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    Thanks mate. Just out of interest, what sort of life are people getting from their ZF Boxes? I know of one that is at 180,000 KMs, and has just started towing a small (3.5m) boat - my first thought was to tell them to service their 'box. This is on a BFII Fairmont Ghia.
    I'm in love with my car. Got a feel for my automobile.

  4. #3
    Rob prydey's Avatar
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    The reason i have started looking a bit more in to this is the fact that my circumstances have changed and my car looks like it will have to last me many more years. not really a problem as its a great car and does its job well (family chariot).

    Currently i have 160000km on the clock and its pretty much as it left the factory. No signs of any issues with the operation of the trans. ZF recommend 100000km service intervals, and i've been meaning to get it done, but life just keeps getting in the way.

    The discussion also came up in the OEM price thread, and i didn't want that one to get derailed too much so i started a specific thread and Norm said he would move any relevant discussion over.

  5. #4
    Miami Sprint. 4Vman's Avatar
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    After some investigation i'm told the cooler issue was caused by residual casting sand in some blocks (low number) wearing away the inside of the heat exchanger over time, a good engine cooling system flush as recommended per service intervals will eliminate this abrasive material if it was present.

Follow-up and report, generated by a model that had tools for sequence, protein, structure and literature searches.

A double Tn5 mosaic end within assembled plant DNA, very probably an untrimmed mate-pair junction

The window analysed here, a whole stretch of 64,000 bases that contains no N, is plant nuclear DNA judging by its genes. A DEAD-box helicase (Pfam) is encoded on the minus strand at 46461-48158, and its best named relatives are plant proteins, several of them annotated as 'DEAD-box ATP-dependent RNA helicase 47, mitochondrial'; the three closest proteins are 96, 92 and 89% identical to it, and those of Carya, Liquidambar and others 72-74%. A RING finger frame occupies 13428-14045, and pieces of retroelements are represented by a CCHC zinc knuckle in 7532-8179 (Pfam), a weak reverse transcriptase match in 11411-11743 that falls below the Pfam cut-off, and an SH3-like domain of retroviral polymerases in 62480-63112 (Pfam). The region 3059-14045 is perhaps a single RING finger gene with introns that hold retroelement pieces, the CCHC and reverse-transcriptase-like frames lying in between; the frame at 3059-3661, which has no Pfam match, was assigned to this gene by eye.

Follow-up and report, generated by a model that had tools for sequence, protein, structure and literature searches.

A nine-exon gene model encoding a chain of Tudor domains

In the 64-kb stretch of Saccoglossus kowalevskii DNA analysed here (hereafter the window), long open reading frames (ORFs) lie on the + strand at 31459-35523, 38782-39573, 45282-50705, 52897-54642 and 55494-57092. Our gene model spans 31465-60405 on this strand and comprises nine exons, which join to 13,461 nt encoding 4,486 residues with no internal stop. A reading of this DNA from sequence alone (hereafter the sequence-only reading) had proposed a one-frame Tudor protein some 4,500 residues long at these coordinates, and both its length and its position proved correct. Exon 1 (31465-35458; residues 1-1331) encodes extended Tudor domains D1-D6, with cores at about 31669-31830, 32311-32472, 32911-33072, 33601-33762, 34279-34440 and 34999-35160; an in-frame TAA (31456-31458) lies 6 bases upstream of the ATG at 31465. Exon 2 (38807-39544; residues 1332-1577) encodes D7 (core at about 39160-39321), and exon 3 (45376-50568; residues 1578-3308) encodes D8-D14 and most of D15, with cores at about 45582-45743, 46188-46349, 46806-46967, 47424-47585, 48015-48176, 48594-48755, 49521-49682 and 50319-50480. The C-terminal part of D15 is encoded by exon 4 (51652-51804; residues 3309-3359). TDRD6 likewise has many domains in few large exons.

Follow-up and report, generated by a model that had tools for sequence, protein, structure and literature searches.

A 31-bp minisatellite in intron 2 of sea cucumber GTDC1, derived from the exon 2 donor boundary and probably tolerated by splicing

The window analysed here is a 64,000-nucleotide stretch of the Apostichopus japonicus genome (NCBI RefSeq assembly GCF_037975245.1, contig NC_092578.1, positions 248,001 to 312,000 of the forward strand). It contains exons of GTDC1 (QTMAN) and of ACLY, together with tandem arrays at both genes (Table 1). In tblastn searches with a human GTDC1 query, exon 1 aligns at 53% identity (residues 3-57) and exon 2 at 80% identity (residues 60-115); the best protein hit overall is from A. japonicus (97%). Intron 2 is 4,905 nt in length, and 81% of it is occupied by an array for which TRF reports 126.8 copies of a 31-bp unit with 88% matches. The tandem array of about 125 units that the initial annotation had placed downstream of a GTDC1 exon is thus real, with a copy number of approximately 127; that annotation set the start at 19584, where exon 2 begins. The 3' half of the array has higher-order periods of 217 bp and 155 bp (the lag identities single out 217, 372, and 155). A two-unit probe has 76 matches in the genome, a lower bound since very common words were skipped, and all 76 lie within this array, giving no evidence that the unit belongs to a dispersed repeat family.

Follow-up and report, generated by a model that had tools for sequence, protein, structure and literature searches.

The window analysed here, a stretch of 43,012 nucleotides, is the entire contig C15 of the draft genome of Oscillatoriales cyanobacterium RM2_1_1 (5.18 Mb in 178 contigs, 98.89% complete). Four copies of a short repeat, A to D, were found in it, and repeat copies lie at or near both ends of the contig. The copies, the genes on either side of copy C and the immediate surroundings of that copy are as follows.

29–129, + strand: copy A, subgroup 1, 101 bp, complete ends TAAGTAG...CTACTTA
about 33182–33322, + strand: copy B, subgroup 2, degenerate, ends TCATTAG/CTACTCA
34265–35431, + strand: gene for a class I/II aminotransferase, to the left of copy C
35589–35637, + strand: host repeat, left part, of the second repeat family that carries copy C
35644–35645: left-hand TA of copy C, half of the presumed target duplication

Rob, it wont be anywhere near 10%... probably closer to 1%...

    As we well know, noise on Forums, especially 1 in particular, can tend to magnify "issues"..
    My Falcon family heritage: XY V8 Falcon 500, XYGT, XBGT, XC 351 GS, XD 4.1 Spack, EF wagon, AU Wagon, AU2 Wagon, AU2 XR8, BA XR8, BF XR8, FG XR6, Lucky last: Sprint 8. Oh wait, AU3 XLS Marlin Ute!

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  7. #5
    T3/Sprint8 FTe217's Avatar
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    Rob, good info thanks mate.
    I had seen it on another site but tobh I couldn't be bothered reading it all. Yours is a good summary overall.
    Thankfully I don't need to have concerns for my FGX being manual but got to say I think for such a modern day box even though no longer in production if I recall right is pretty lame if having to do preventative maintenance such as having read. Sure I can understand changing tranny oil to by pass the OE design so to speak in view of reducing future issues astounds me.
    Residual casting sand - my god.
    Using the same oil upon having it serviced but to advise if wishing fresh new oil if desired.
    Again my god.
    As you say it sounds like its not as bad as prior or blown out of proportion possibly but it really highlights back in the ol days the KISS principle sure made life easier in servicing and longevity - all in the name of progress and yes I am impressed of seamless shifts and countless gearing matched by/to the black box.
    It reminds me that we were told long ago computers were the answer to worlds problems.